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A GLOBAL FOOD CRISIS: Ernst Sounding Alarm on Russia’s ‘Food War’ in Ukraine, Calls on Biden, Senate to Act

“We need action now, Mr. President. Not tomorrow. Now.”

WASHINGTON – With reports surfacing that Russia is targeting Ukraine’s agricultural infrastructure and seizing hundreds of thousands of tons of grain, U.S. Senator Joni Ernst (R-Iowa)—a combat veteran and member of the Senate Armed Services Committee—is continuing to sound the alarm as she has for weeks about the impact the lawless invasion is having worldwide, fearing an emerging global food crisis, and is calling on the Biden administration and the Senate to take action immediately to expedite food aid by clearing bureaucratic red tape.

While Congress approved $100 million in food aid in March, astonishingly there are only four vessels in the world designed for this scale of food delivery that meet these bureaucratic U.S. flagship requirements to ship the aid, even though more than 12,000 vessels are currently operating globally that could do the job but are not permitted to under the current restrictions.

Ernst is pushing President Biden to immediately waive those requirements under his authority—something he could do instantly—and is also pressing the Senate to take up her bipartisan measure right away to do the same.

“We are witnessing an emerging global food crisis, happening in real time, because of Putin’s lawless war on Ukraine—the breadbasket of Europe,” said Senator Joni Ernst. “Putin is engaging in a ‘food war,’ targeting Ukraine’s agricultural infrastructure and seizing hundreds of thousands of tons of grain, threatening this year’s harvest and putting tens of millions of people worldwide at risk of hunger. While we have the means to provide important food aid right away, bureaucratic red tape is putting an enormous restriction on our shipping capacity, with just four vessels worldwide that meet these onerous shipping requirements.

“The Senate needs to take immediate action on my bipartisan measure to expedite food aid to our friends and partners around the world and clear the bureaucratic red tape that’s in the way at a moment when speed is critical,” she continued. “President Biden could do the same with a stroke of his pen, but so far he’s chosen not to. We need action now, Mr. President. Not tomorrow. Now.”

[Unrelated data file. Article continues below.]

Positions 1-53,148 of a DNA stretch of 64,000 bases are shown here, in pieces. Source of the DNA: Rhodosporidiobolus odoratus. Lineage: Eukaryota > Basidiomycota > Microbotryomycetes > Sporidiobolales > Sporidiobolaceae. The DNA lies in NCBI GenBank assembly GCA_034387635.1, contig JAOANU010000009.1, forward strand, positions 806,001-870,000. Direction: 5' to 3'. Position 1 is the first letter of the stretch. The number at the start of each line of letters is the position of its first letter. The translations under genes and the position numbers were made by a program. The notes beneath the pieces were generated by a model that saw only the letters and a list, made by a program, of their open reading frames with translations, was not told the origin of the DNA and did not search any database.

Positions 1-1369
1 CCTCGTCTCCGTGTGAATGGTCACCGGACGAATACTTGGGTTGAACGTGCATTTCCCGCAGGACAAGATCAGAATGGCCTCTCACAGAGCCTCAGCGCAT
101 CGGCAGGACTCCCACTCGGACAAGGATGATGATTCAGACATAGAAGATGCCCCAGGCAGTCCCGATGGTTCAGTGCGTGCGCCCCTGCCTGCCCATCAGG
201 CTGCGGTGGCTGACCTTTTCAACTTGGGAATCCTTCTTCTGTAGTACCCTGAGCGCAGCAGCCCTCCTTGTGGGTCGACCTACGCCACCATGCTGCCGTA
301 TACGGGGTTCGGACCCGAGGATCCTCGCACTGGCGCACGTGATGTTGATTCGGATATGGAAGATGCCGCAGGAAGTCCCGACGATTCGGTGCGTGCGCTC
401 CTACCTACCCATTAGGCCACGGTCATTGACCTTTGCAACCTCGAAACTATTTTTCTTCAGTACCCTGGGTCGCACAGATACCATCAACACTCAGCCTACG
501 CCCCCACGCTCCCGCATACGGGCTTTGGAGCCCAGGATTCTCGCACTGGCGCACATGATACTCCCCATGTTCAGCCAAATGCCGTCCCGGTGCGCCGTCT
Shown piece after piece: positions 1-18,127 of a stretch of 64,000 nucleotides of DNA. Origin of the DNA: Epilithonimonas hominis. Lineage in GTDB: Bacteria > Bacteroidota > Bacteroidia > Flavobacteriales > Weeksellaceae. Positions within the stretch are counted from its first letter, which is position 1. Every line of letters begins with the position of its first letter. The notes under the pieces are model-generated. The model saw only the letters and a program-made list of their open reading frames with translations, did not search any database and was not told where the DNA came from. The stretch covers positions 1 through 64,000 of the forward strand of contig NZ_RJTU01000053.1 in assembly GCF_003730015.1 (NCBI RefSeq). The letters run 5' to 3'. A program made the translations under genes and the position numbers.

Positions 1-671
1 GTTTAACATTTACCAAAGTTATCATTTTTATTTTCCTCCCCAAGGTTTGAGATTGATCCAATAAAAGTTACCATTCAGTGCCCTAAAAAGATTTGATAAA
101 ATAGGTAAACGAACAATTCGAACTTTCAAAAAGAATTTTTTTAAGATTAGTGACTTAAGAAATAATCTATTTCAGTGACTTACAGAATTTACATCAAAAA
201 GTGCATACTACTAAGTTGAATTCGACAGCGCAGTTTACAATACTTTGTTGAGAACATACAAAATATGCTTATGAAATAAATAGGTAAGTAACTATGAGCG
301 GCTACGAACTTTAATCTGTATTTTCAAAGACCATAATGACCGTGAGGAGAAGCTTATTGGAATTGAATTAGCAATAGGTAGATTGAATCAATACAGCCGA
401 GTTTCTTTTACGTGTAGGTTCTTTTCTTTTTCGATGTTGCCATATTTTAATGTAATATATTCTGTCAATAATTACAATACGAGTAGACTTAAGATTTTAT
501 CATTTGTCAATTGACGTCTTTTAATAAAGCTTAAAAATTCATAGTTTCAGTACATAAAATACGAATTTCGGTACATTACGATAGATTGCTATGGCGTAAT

Current law mandates 50 percent of U.S. food aid exports to be shipped on U.S. flagged vessels, a rule that increased shipping costs by an average of $52.6 million per fiscal year between 2013 and 2018 (on average). U.S. Secretary of Agriculture Tom Vilsack said that the cost of shipping the food commodities overseas is often higher than the actual costs for the grain and other products themselves right now.

Astonishingly, there are only four dry-bulk shipping vessels for food aid worldwide that meet these shipping requirements while there are more than 12,000 vessels operating globally, according to USDA.

Under current law, the President of the United States, Secretary of Defense, or Congress can waive the 50 percent requirement temporarily. Ernst introduced a bipartisan measure to temporarily waive the requirement also and is pushing for the Senate to act on it.

Ernst, along with fellow member of the Senate Agriculture Committee, U.S. Senator Roger Marshall (R-Kan.), hosted members of Ukrainian civil society for a discussion about Russia’s war in Ukraine and what it means for global food security and agriculture. Ernst also penned an op-ed in entitled, “Ukraine must win the war Putin is waging and Biden needs to step up.”